All cars with the EA113 2.0L TFSI engine such as
- VW Mk5 Golf GTi (incl Pirelli)
- VW MK5 Jetta TFSI
- VW Mk6 Golf R
- Audi A3 8P
- Audi S3 8P
- Skoda Octavia vRS 2.0TFSI
- etc etc
NOTE: This DIY will also partly applys to HPFP Upgrade / APR HPFP / KMD etc pumps.
1) Turn engine off (obviously)
2) Allow engine to cool for a period of time so you can comfortably touch the HPFP without burning yourself.
3) Either remove the fuse for the HPFP or tape the driver’s side door up to prevent it from being opened (opening the door will prime the fuel pump and spray fuel all over you = not good)
4) Remove black screw cap from right side front of the HPFP.
5) With the black plastic cap removed, stick a screwdriver gently into this valve to relieve the fuel pressure and allow excess fuel to drain out. (the pressure relief valve is like the valve you find on a car or bike tyre). Having a clean rag handy to wipe up the fuel is a good idea.
6) Once the fuel pressure is relieved, remove the valve altogether from the HPFP body with a 13mm spanner.
7) Using a 17mm spanner, crack and undo the silver high pressure fuel line leading into the bottom of the HPFP. Undo the nut completely and slide it back out of the way.
8) Unclip the black switch from the top of the HPFP and the cream coloured one from the side of it and move the connectors out of the way.
9) Now you will have access to the 3x T30 bolts which hold the HPFP into the engine. Loosen these and remove them.
10) You will now have to remove the rubber fuel line leading into the bottom of the HPFP. In my case, I found it easier to undo the rubber line where it joined into the silver fuel lines back near the inlet manifold (rubber hose is only 10-15cm long) rather than directly at the HPFP as there isn’t much room.
11) Once the rubber hose is free, you should be able to slide the HPFP assembly out and away from the engine.
12) With the pump removed, you will have access to pull out the cam follower and inspect the level if wear on it. In my cars case, the 10,000km (approx 6,000miles) its travelled has not created any wear to worry about on the cam follower. I will check it again every 6 months.
13) At this stage, I would suggest taking a photo of the stock HPFP to refer to at the end of the rebuild.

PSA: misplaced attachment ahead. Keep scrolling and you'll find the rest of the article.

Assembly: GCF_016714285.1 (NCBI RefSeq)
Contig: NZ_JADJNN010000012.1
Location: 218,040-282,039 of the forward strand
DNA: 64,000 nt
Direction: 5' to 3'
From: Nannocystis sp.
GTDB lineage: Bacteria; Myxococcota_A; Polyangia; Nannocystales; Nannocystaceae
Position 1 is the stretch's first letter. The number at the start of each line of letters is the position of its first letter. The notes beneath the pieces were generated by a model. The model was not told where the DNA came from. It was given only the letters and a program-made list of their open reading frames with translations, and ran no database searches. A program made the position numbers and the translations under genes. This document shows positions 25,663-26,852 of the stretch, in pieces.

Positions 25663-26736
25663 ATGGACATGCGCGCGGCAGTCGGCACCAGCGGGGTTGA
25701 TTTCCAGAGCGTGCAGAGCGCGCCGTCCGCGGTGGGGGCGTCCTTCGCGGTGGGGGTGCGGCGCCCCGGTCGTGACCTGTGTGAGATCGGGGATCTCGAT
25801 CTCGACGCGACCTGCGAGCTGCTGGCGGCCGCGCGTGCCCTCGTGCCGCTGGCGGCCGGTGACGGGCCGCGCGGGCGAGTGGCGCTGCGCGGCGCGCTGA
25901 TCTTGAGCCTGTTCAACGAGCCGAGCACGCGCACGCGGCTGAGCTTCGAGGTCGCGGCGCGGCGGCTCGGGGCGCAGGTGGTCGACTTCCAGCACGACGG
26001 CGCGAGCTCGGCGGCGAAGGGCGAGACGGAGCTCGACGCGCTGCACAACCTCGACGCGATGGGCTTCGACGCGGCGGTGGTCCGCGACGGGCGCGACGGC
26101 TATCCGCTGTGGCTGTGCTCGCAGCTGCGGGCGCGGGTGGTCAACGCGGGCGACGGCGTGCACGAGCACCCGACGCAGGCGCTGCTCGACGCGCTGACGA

14) Take the HPFP over to a vice and secure it with the spring and piston facing up towards you (I put a clean rag around the pump to prevent scratching it with the vice). Pull directly upwards on the spring and piston and it will pop off. Place these safely on a clean workspace area.
15) With the spring and piston removed, you have access to the 18mm nut which needs to be removed. You can do this with a standard 18mm socket now, but you will need a long 18mm socket to put it back on later.
16) With the 18mm nut removed, you can now remove the stainless steel seal holder and cylinder. Place the cylinder with the spring and piston you removed earlier.
17) You should now have the following items removed from the HPFP. The only parts we are going to re-use are the stainless steel seal holder and the spring.
18) Now, working in a clean environment, get the new Autotech components (piston, cylinder, spring retainer and guides) out of their packaging.
19) Ensure the Autotech piston (notice the thickness difference from the OEM piston) is clean and free of contaminents by dipping it in petrol before inserting it into the stainless seal holder. Insert it from below (the threaded end of the stainless steel seal holder) as shown by the arrows in the pic below.
20) Next, place the cylinder over the piston from the bottom of the threaded stainless steel seal holder. if you look closely at the new cylinder, you will see that one end is a larger diameter than the other. Ensure the end with the larger diameter goes into the stainless steel seal holder. (this is also easy to identify as the larger diameter end also has some holes drilled into the cylinder.)
21) We will now put these parts back into the HPFP body. Lubricate the rubber seal on the stainless steel seal holder with some clean engine oil. Just use your finger to rub the oil onto the seal. Insert the parts back into the HPFP body.
22) Clean the 18mm nut you removed earlier and also clean the 18mm long socket you are about to use to tighten the nut up (this is to ensure no pieces of dirt fall into the HPFP during re-assembly). Tighten the 18mm nut up
23) Now clean the spring you removed earlier by dipping it in petrol. Lift the piston up as far as you can out of the HPFP body. Click the spring back in place over the top of the piston.
24) Now fit the titanium spring retainer over the top of the spring. Push down on the retainer/spring slightly (a few mm) and insert the 2x black retainer keepers. Make sure these are placed evenly and are flush with the top of the retainer.
25) Have a quick overall inspection of the rebuilt HPFP and make sure it looks as per the photo you took prior to dis-assembly. Double check the 18mm nut is tight and then it’s time to re-fit the HPFP to the engine following the first few steps in reverse. Make sure to prime the HPFP once or twice before cranking the engine to remove any air in the lines – you do this by opening the car door (you will hear the HPFP prime for a few seconds).